Brazing Fixture

Discussion in 'Tips and Tricks' started by srobovak, Feb 3, 2019.

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  1. Feb 3, 2019 #1

    srobovak

    srobovak

    srobovak

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    Hi HMEM,

    First of all thanks for this great platform - a huge source of knowledge and inspiration to me.
    After sneaking around for a long time I thought I might also share something.

    Recently I needed a small 3-way fitting for my hydraulic line. I decided to braze one using some small (OD=4mm) hose nipples from Swagelok. This small assembly posted an obvious problem how to hold the pieces together during the brazing process so that they don't move. The idea here is to show you the little jig I used to hold everything together that worked quite well.

    In my experience proper brazing jig needs to meet three requirements:

    1) It has to have low heat conductance not to take much heat from the workpiece and hence keep the
    brazing time as short as possible.
    2) It has to be stable enough so that the parts don't move on you while brazing.
    3) It can't introduce too much pressure, otherwise the parts will deform during the heating process.

    These conditions are somewhat contradictory so it takes some time to design a proper fixture. And of
    course the build of such fixture usually takes much longer that the parts in question or the brazing
    process itself...

    Following photos show the individual parts, assembly held in fixture, brazed assembly and finally cleaned up finished 3-way fitting.
     

    Attached Files:

  2. Feb 3, 2019 #2

    DJP

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    Nicely done. I might have tried brazing one nipple at a time to get easier access to each joint. A jig is certainly preferred and now you can make hundreds.

    Thanks for sharing
     
  3. Feb 3, 2019 #3

    tornitore45

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  4. Feb 3, 2019 #4

    abby

    abby

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    Making a jig seems a lot of work for such a job as shown , why not simply make the nipples a push fit into the block and they would stay in position whilst being brazed ?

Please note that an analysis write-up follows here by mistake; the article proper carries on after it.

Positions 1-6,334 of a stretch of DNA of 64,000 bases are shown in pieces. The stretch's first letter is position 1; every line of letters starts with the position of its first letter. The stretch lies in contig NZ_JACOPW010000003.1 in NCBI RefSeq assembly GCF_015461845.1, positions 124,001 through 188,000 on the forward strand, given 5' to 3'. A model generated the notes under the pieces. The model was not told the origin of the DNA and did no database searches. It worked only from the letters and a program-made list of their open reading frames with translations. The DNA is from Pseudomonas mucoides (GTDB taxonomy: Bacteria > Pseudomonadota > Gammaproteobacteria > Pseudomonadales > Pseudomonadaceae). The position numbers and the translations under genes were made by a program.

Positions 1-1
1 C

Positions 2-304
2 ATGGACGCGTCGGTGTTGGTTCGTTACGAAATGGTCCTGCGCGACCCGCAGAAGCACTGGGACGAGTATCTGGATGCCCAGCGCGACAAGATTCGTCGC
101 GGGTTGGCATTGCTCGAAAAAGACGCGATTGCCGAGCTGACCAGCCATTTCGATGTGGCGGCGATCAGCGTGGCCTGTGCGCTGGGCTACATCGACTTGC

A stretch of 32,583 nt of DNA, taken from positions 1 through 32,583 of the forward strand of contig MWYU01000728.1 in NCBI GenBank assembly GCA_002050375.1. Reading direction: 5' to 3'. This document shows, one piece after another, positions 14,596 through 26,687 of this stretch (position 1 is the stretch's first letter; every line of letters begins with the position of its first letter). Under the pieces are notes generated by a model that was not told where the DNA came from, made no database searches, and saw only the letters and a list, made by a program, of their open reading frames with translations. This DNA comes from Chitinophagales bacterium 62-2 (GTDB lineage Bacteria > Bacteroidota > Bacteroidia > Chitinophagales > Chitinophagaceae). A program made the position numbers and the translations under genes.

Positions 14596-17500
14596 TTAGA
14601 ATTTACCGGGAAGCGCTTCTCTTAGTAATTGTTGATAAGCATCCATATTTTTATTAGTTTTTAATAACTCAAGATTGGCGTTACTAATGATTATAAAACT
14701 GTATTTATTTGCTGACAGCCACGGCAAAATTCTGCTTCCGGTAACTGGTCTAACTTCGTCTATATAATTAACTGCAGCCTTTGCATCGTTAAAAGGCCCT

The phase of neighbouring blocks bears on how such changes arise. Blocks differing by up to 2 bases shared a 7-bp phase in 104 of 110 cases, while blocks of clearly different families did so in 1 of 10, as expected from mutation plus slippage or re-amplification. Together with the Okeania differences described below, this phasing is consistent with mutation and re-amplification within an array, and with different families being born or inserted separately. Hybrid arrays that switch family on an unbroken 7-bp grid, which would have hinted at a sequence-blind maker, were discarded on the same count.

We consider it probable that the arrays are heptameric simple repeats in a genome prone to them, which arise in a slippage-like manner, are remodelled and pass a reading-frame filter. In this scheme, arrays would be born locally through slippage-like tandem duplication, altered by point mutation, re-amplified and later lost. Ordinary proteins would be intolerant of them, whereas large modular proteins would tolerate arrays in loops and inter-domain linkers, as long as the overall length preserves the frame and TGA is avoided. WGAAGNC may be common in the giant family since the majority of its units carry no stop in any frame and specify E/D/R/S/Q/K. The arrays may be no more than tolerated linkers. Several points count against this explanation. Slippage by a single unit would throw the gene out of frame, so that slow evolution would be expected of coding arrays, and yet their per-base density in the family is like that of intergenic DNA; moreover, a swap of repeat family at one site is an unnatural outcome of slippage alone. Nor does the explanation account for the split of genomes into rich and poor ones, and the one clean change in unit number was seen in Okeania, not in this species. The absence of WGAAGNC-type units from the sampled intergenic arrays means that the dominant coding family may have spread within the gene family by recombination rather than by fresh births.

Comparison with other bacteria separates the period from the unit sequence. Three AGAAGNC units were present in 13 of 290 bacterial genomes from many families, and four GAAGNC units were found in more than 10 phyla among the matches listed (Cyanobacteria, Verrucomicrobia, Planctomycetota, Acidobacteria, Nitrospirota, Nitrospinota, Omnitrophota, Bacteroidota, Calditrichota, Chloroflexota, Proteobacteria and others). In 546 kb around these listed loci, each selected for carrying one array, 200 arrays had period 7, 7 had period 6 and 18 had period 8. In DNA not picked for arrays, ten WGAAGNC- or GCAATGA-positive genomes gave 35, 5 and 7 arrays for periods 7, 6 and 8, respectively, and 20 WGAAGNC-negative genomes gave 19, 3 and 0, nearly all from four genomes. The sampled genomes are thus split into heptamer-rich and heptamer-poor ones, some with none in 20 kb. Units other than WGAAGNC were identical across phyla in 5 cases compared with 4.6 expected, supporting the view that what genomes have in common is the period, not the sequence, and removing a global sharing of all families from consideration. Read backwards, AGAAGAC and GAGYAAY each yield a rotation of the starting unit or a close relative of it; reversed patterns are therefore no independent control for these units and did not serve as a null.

Dan.
     
  5. Feb 4, 2019 #5

    srobovak

    srobovak

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    Dan,
    For a proper brazing action one needs about 0.05-0.1 mm gap for a capillary action to take place for this work's diameter. If press fitted, the silver solder has nowhere to flow. Moreover, by heating the whole thing above 720°C it could still end up crooked.
    But you're right it's not very efficient work for one part. I guess you could try it the way you described, but I think the joint would not be sound. - Brano
     
  6. Jan 22, 2020 #6

    clifforddward

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    Nice job Brano, thank you for sharing. I always tell folks the set up is often 2-3 times the work of the actual silver soldering...but using jigs assures nice work and results in a part that will prove satisfactory for a long time in the future.
     
  7. Jan 22, 2020 #7

    awake

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    I just found this thread. Thanks for sharing the process - very helpful, and you got beautiful results!

    Just to be sure I am understanding, you are using "silver brazing"? What is the composition of the silver braze?
     
  8. Jan 22, 2020 #8

    Carl Reinhard

    Carl Reinhard

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    At 81 yrs old I'm trying to quote, from memory, a saying by Koto, "An amatuer sets his work up so that a professional cannot get good results, and a professional sets his work up so that an amatuer can get good results."
     
  9. Jan 22, 2020 #9

    goldstar31

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    You've worn well at 81 but I reckon it was Steven Pressfield who was responsible for the quotation.
     
  10. Jan 23, 2020 #10

    Rickus

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    Amazing how something so simple can take so much thought and time to actually produce. Very nice idea.
     
  11. Jan 25, 2020 #11

    srobovak

    srobovak

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    I use "FONTARGEN F 300 H Ultra NT" flux and 1.5mm thick brazing wire with about 55% silver content. Over the years I have found to get the best results when pre-forming rings around the joint and covering them with flux.

    However I can't really compare to anything else...

    Next time I do some brazing I'll try to make a short video.
     

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